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The protocol was not used further, and England won the game 0-6.  In the subsequent proceedings before UEFA’s Control and Ethics Disciplinary Body, the Bulgarian Football Union (“BFS”) was ordered to play two UEFA competition matches behind closed doors and fined €75,000 (the “BFS Decision”).

A commitment to the protocol was evident (with England team reportedly being satisfied with the approach taken by the UEFA Match Officials). However, the BFS Decision demonstrates that the UEFA protocol is not ‘three-step’, in practice.  In fact, by the time Step 1 of the protocol was implemented, there had already been three racist incidents either reported to, or noted by, the UEFA Match Officials.  In another UEFA Euro 2020 Qualifier, Montenegro v England, in March 2019, the protocol was not implemented at all, despite multiple racist incidents.  To be effective, however, any protocol must be applied consistently.  Further, whilst reporting helps to bring incidents to the attention of match officials, the onus should (predominantly) be on match officials to identify and deal with incidents.

The protocols are not deployed in a ‘zero-tolerance’ manner, which may be the cause of their inconsistent application.  The FA’s six-step protocol prioritises “ensuring that the match is not unduly interrupted”, noting “any decision to suspend or abandon the match should be taken by the referee after full consultation with the police and safety officer/home club representative, and after consultation with the team managers and captains”.  Similarly, with UEFA, abandonment can only happen “after all other possible measures have been implemented and the impact of abandoning the match on the security of the players and public has been assessed”.  Further, UEFA’s Safety and Security Regulations, Guidelines for Match Officials, provide that the protocol will only be used for “serious racist incidents”, “of a strong magnitude and intensity”.  As a result, the threat of the ultimate ‘punishment’ of the game being abandoned appears minimal.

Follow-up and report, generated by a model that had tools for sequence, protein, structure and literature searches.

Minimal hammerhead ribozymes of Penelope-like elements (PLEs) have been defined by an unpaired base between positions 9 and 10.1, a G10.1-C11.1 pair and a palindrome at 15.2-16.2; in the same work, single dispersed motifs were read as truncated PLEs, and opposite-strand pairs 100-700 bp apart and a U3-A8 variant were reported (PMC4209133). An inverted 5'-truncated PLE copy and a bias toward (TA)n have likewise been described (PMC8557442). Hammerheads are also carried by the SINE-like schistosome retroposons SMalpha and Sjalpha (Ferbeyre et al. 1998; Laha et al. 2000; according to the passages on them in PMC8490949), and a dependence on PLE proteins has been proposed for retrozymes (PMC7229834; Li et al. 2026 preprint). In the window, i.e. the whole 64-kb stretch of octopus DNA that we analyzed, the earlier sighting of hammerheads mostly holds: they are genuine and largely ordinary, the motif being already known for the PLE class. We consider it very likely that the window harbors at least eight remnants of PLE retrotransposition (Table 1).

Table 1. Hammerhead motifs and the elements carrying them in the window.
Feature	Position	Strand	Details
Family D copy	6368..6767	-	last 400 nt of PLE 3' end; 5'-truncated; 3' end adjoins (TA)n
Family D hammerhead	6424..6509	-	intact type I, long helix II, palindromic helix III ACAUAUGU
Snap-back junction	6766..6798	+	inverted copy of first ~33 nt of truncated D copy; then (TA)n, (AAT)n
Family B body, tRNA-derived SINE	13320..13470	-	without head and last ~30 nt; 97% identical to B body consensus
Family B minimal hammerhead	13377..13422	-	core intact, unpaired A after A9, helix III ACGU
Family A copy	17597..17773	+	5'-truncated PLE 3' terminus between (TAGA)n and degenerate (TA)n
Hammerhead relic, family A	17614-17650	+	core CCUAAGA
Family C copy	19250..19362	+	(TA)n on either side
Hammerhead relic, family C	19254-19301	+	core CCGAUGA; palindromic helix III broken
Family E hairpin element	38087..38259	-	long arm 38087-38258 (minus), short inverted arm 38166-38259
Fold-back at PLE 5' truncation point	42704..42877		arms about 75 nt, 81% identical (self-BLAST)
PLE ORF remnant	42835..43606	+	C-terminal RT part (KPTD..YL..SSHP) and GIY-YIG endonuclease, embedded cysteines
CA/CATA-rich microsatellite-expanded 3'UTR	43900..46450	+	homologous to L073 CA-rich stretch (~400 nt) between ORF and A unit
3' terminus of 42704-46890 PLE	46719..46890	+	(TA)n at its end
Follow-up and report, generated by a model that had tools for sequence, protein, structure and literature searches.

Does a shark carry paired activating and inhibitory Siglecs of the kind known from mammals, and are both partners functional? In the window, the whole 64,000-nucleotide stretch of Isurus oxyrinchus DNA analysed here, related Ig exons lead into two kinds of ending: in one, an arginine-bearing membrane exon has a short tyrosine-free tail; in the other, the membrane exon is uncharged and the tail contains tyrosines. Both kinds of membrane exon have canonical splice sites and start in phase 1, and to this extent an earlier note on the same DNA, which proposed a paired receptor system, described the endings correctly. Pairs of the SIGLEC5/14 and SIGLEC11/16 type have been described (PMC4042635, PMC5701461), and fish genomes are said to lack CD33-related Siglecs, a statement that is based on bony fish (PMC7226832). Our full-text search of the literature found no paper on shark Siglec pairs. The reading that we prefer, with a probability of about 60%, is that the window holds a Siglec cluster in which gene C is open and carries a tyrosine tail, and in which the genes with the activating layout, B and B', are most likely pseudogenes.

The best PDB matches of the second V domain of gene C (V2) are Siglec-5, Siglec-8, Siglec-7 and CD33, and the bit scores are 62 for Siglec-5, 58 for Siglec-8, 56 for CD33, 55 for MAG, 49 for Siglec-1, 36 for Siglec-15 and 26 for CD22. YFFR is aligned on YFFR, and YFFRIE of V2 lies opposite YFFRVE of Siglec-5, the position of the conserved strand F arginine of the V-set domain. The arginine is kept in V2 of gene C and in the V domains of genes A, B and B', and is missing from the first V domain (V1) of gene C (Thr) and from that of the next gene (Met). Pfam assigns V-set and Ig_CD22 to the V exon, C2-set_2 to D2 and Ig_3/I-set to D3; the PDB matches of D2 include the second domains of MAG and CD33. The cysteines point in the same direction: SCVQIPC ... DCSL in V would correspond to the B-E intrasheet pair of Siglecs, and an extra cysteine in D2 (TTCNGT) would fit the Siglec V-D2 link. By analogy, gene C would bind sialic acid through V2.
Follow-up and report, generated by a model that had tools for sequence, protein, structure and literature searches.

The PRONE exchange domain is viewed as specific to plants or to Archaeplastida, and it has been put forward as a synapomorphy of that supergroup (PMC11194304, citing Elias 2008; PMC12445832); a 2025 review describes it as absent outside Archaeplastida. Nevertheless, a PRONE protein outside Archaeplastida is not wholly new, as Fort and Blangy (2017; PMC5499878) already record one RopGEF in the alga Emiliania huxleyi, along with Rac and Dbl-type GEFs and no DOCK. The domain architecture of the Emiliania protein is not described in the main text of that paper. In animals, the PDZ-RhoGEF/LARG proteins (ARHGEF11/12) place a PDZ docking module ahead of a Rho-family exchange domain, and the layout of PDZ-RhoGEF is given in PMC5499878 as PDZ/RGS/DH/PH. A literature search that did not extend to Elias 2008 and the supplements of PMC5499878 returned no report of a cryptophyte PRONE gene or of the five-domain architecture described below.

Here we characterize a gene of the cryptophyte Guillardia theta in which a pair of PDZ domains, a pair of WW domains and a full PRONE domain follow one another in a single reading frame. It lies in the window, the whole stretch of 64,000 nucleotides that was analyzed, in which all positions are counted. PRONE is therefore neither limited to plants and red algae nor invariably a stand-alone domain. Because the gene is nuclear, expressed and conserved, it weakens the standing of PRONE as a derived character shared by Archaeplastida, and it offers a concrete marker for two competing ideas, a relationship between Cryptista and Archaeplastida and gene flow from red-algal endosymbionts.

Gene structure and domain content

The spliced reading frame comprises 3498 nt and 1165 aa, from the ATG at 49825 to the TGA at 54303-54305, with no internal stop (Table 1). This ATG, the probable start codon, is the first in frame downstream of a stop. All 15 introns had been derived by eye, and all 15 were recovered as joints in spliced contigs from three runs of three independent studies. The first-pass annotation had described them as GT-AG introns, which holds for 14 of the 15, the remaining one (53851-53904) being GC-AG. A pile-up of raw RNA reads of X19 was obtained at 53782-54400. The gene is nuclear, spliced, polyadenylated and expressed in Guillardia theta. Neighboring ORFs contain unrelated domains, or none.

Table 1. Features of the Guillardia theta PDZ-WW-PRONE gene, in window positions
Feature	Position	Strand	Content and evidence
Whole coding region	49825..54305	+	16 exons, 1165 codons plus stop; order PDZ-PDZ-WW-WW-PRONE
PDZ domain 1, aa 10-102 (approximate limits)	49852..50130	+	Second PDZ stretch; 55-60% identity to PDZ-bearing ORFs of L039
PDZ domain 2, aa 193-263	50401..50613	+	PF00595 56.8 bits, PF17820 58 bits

Abandoning a match should of course not be taken lightly – for a start, there are important safety considerations to be taken into account.  However, ‘zero-tolerance’ can only be conveyed by decisive action, no matter how uncomfortable or unpopular such action may be at the time.

The problem is well-illustrated by a match in September 2019 between Hartlepool United FC (“Hartlepool”) and Dover Athletic FC (“Dover”).  Dover players were subjected to racist abuse and sustained booing by spectators, with the situation becoming so toxic that both teams apparently nearly walked off the pitch.  Nine months after the incident, the match referee is reported to have said that he “didn't want to be the first ref to abandon a match for racism” and that “if [he] was more confident [he] would have called it off”.  Whilst fully appreciating that it must have been daunting for the referee, that does appear to have been a match in which abandonment would have been justified. An opportunity to demonstrate that ‘zero-tolerance’ means exactly that was thus missed.